Egypt Train Crash Video Shows Wreckage From Catastrophic Collision

A train collision in Egypt has killed at least 32 people and injured at least 66 more, the country's health ministry said.

The trains were moving through the province of Solag, some 286 miles south of Cairo. The country's railway authority said emergency brakes in the first train were triggered by "unknown individuals," causing the train to halt sharply. A second train then crashed into the first from behind, causing two carriages to keel off the tracks.

Health authorities sent 36 ambulances to the scene and casualties were being taken to local hospitals, the ministry said in a statement. At least 66 people were injured in the crash. The public prosecutor's office said it had ordered an investigation.

A video on social media shows the train wreckage and people crowded around it, with parts of the train completely upended and people climbing on the roof of the railcars.

لا حول ولا قوة الا بالله سلم يارب سلم تصادم قطارين بين المراغه وطهطا

"The trains collided while going at not very high speeds, which led to the destruction of two carriages and a third to overturn," a security source told Reuters news agency. The Egyptian ministers of transport and health are heading to the scene to inspect rescue efforts, local media reported.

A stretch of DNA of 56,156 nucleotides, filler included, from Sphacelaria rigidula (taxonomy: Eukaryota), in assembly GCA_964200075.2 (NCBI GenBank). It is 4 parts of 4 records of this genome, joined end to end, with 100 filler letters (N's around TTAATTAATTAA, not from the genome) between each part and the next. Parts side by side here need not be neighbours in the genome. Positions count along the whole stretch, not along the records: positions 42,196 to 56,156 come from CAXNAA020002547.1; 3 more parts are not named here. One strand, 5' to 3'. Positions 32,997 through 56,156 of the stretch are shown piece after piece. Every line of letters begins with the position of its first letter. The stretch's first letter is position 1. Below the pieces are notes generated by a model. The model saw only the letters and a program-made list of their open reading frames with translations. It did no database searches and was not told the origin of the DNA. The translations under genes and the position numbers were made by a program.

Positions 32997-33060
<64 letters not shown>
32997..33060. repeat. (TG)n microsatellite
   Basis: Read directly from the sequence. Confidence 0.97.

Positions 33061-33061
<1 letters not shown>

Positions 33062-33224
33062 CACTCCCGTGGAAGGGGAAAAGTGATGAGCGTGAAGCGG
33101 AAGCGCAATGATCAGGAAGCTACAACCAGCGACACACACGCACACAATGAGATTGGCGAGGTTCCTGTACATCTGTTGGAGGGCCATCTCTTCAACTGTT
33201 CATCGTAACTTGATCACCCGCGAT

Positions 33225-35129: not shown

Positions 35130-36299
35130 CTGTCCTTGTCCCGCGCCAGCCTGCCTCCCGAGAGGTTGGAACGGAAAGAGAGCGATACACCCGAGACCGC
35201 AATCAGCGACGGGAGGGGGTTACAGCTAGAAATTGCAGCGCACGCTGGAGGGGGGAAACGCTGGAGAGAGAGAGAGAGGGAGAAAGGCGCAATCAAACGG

Railway renewal

Rail crashes are common in the north African nation, which has one of the largest and oldest rail networks. According to the most recent official data, 1,793 train accidents took place across Egypt in 2017.

A passenger train derailed near the southern city of Aswan in 2018, which injured at least six people, leading to the authorities firing the chief of Egypt's railway network.

A year earlier, 43 people died and 179 were injured after a train traveling from Cairo hit a train waiting at a small station in the district of Khorshid in Alexandria.

That same year, President Abdel Fatah al-Sisi said the government needed another $14.1 billion to overhaul the country's old railway network. The president spoke a day after a passenger train crashed into a cargo train, killing at least 12 people, including a child.

At least 51 people were killed when two commuter trains collided near Cairo in 2016.

The country's deadliest train crash took place in 2002, when more than 300 people were killed after fire erupted on a train travelling from Cairo to southern Egypt.

On 8 March, the World Bank approved $440 million to support Egypt's run-down rail network. The total cost of the Railway Improvement and Safety for Egypt (RISE) project stands at $681.1 million. $241.1 million of that sum will be contributed by the Egyptian National Railways (ENR).